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Low oil prices are a big problem for Iraq. That's because Iraq is an oil producer and practically all the government's revenue comes from oil. So with the war against ISIS to fight, millions of displaced people to feed and a population dependent on government work, times are tough. NPR's Alice Fordham sent this report from Baghdad.

ALICE FORDHAM, BYLINE: Let's start on the front line of every faltering economy, the grocery store. In a shop lined with baskets of spices and rose petal tea, owner Osama al-Hassani is measuring out roasted salted beans.

OSAMA AL-HASSANI: (Foreign language spoken).

FORDHAM: "Is that enough?" he says. "It's not very much."

AL-HASSANI: (Foreign language spoken).

FORDHAM: The customers say "Actually, give us a bit less than that." And the shopkeeper complains, says this is the situation now. His business is bad.

AL-HASSANI: (Foreign language spoken).

FORDHAM: He says he used to have 13 workers in his store, and now he's only got two. Business has been down for months. His customers are squeezed and worried. [POST-BROADCAST CORRECTION: In the audio of this story, we say that Osama al-Hassani used to have 13 workers. It was actually 30 workers.]

ALAA AZIZ: (Foreign language spoken).

FORDHAM: "We're buying less because my salary was cut 10 percent," says Alaa Aziz, a university professor. So was his wife's. She's a schoolteacher. They're just belt-tightening for now, nothing drastic. But they think it's going to get worse, and they're probably right. I meet the prime minister's economic advisor, Muzher Salah, who tells me Iraq is straining under two enormous costs.

MUZHER SALAH: The cost of war and the cost of oil because we depend entirely on oil revenue.

FORDHAM: It's what the International Monetary Fund calls Iraq's double shock. In 2014, Iraq lost a lot of its territory to ISIS and has to spend on fighting back and looking after millions of displaced people. At the same time, oil prices started to fall. Basically, all Iraq's government income comes from oil, so it has less than a third of the revenue it had in 2014. To help pay for the war, the U.S. has offered loans to buy weapons, but that doesn't cover government salaries. Government jobs make up about half the employment here and people expect other benefits, too, like food rations and cheap gas.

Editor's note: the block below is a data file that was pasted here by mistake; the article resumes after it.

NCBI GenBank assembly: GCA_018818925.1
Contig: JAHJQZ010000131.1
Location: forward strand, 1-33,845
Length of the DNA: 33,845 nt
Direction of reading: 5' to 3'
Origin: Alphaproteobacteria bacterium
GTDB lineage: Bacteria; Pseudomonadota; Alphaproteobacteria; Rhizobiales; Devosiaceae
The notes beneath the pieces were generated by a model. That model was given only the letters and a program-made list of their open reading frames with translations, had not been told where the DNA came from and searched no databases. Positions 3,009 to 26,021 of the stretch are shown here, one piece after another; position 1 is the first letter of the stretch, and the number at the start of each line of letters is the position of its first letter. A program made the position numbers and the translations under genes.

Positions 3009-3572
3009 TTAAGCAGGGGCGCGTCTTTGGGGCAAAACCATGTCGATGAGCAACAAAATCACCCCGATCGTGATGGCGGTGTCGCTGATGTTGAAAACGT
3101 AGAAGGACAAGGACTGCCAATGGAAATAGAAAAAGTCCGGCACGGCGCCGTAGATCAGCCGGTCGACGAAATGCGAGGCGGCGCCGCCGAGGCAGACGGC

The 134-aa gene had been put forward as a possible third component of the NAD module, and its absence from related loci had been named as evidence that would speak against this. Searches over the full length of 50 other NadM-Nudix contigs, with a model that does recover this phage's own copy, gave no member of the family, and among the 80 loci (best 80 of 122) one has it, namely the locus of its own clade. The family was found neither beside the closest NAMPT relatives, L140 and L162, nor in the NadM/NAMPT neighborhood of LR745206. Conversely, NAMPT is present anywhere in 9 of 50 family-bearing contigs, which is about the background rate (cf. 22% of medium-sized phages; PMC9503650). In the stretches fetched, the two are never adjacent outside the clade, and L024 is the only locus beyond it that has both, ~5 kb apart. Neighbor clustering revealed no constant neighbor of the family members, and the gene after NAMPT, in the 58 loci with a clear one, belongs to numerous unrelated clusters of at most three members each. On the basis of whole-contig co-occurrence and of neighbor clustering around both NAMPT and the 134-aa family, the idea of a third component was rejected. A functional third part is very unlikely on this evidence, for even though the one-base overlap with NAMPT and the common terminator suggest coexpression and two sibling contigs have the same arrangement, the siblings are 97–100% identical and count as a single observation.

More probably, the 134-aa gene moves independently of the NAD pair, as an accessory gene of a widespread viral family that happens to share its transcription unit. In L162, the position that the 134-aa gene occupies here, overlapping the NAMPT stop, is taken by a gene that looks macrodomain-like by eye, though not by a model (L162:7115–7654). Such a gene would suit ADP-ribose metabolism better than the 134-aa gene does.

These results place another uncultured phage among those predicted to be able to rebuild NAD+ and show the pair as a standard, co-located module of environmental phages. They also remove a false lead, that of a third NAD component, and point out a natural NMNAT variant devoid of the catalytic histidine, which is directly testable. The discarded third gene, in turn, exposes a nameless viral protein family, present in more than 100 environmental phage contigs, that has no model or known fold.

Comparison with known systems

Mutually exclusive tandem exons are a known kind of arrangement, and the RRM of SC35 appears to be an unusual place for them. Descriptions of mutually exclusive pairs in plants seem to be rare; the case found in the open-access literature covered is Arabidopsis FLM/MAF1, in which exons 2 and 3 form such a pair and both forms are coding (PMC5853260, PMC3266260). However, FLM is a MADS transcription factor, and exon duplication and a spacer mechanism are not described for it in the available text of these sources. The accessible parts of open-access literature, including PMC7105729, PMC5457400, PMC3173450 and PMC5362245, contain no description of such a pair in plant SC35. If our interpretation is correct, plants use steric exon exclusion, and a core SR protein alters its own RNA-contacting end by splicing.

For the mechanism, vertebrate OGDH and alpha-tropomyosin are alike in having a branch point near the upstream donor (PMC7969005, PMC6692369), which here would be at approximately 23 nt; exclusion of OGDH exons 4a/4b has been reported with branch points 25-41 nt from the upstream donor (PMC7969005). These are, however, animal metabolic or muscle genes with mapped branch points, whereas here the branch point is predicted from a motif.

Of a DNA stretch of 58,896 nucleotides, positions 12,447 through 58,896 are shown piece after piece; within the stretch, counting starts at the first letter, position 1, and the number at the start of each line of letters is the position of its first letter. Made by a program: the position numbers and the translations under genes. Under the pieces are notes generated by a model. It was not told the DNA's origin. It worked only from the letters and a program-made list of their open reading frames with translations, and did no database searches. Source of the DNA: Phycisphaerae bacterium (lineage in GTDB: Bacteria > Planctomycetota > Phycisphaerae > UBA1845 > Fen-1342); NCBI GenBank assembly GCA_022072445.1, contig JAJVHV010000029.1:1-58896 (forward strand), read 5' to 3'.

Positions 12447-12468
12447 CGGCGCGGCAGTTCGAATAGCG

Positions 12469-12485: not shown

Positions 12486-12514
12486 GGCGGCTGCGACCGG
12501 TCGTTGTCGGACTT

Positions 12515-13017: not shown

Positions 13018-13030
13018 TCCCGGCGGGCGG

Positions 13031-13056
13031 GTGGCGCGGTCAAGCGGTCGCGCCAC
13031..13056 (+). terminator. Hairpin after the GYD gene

SALAH: This is oil country, OK (Laughter). Tax holiday, free lunch, everything free, even electricity free, OK? This is the mentality of Iraqi people at this point. Believe me, it's very difficult to change them, OK? We need time to educate them, OK?

FORDHAM: For now, the government's doing a complicated shuffle-around of money, basically eating into its reserves of foreign currency just to keep paying those salaries. But they'll run out of savings by sometime next year at this rate. Experts say Iraq needs economic reform, people should move to the private sector. But Iraqis don't see it that way.

At a demonstration on a recent evening in Baghdad, people chant against corruption. Here, people say the country's economic problems aren't because of low oil prices but because the politicians are thieves. I asked demonstrator Kadhim Faraj, a retired teacher, what will happen with the demonstrations if the government cuts salaries.

KADHIM FARAJ: I think the demonstrations will continue, increase, and the government will be in a corner very tight.

FORDHAM: In a tight corner?

FARAJ: Yes. And I think the people will continue.

FORDHAM: He says the country needs to change. If Iraq goes broke, it's not going to have much choice. Alice Fordham, NPR News, Baghdad. Transcript provided by NPR, Copyright NPR.